The Rhino: a bizarre experimental all-terrain vehicle, 1954

Called the Rhino, this four-wheel, five-tone driving machine was designed to patrol and defend the vast open spaces of Alaska and Canada without succumbing to the region’s formidable, varied terrain.

The bizarre amphibious four-wheeled vehicle called Rhino was designed by the Greek-American inventor Elie Aghnides. In the 1940s, Aghnides was watching a tractor laboring through New York City’s Central Park and figured he could combine the stability of a bulldozer with the speed of a car, and create an efficient, all-terrain vehicle.

A few years later, he came up with the concept of an enormous vehicle nicknamed “The Rhino”. Defining features were its massive slanted front wheels, which had six-foot diameters and weighed 1,500 pounds each. The wheels were also hollow, which allowed the Rhino to float, meanwhile, a hydrojet propelled it forward along the water body.

The odd-looking vehicle weighed five tons and could travel with ease through deep sand, mud, and water. On the highway, it reached up to 45 miles per hour, but in water, it couldn’t surpass speeds of 5 miles per hour.

The prototype was built by Marmon-Harrington in Indianapolis in 1954. It was designed with a low center of gravity which meant it could tip 75 degrees to either side without toppling over.

Aghnides demonstrated the invention for the military, but they decided not to purchase the invention because they feared the inflatable wheels could be pierced by gunfire. Several photos and videos exist of the testing of the vehicle.

The Rhino: a bizarre experimental all-terrain vehicle, 1954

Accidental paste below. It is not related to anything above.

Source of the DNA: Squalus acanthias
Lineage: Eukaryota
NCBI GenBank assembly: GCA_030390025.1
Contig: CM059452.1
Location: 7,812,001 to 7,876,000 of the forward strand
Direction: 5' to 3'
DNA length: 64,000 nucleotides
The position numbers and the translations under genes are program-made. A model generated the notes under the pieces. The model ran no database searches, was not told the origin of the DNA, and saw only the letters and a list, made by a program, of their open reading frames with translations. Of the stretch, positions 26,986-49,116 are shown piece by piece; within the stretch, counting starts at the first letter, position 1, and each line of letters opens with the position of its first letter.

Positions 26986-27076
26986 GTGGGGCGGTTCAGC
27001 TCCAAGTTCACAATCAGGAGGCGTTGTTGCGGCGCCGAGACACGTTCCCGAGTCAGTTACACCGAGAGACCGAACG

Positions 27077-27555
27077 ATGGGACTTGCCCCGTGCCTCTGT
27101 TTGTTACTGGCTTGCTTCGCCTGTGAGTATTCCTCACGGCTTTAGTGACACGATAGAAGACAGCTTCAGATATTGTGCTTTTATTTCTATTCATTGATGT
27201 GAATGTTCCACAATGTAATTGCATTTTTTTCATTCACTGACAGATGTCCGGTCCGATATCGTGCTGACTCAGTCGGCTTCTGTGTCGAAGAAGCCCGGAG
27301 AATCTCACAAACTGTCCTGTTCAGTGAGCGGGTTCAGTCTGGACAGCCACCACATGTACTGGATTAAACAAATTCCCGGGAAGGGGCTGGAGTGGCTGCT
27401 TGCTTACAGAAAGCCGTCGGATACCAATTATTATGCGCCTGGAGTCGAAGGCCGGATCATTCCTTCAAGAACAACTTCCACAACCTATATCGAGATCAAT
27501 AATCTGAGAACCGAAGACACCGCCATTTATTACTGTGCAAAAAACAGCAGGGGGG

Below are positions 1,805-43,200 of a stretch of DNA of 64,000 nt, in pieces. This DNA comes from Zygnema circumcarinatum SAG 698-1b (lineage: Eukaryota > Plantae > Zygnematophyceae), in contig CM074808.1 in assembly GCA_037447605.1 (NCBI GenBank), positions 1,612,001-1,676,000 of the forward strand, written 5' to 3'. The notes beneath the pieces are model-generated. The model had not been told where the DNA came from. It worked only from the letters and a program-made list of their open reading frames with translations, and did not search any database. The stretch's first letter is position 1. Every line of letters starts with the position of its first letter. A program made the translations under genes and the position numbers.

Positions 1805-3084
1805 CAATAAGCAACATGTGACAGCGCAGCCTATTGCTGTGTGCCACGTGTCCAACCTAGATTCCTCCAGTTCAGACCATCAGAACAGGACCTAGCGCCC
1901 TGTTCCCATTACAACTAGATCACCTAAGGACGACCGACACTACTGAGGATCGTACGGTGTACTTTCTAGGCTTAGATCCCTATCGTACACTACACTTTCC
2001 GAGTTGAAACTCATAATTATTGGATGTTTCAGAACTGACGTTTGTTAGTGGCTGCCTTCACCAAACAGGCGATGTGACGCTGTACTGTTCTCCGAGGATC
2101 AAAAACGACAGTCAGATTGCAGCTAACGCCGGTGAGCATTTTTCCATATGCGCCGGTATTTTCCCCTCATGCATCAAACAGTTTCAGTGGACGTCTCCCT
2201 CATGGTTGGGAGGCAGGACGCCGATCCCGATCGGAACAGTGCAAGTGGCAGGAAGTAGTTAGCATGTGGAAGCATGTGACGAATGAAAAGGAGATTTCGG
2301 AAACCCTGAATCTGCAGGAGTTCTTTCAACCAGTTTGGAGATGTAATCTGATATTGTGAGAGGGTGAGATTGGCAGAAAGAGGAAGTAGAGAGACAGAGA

The prototype, pictured here, was built by the Marmon-Herrington Company of Indianapolis in 1954.

The Rhino: a bizarre experimental all-terrain vehicle, 1954

On hard terrain only the zigzag strip of rubber around Rhino’s wheels touches the roadways. As they sink into soft footing, more and more of their ribbed surface takes hold.

 

The Rhino: a bizarre experimental all-terrain vehicle, 1954

Low center of gravity lets Rhino list 74 degrees without toppling over. The five-ton vehicle is 19 ft. long, 9 ft. wide, 9 ft. 10 in. high. The body is aluminum welded to the steel frame.

 

The Rhino: a bizarre experimental all-terrain vehicle, 1954

Hollow wheels and seam-welded body keep Rhino afloat. It makes 5 miles per hour in water and up to 45 on concrete with 110-hp. engine that the inventor planned to replace with a more powerful one.

The Rhino: a bizarre experimental all-terrain vehicle, 1954

On the highway, it reached up to 45 miles per hour, but in water, it couldn’t surpass speeds of 5 miles per hour.

The Rhino: a bizarre experimental all-terrain vehicle, 1954

The Rhino prototype in 1954.

(Photo credit: John Dominis / The LIFE Picture Collection / Popular Science/ Getty Images).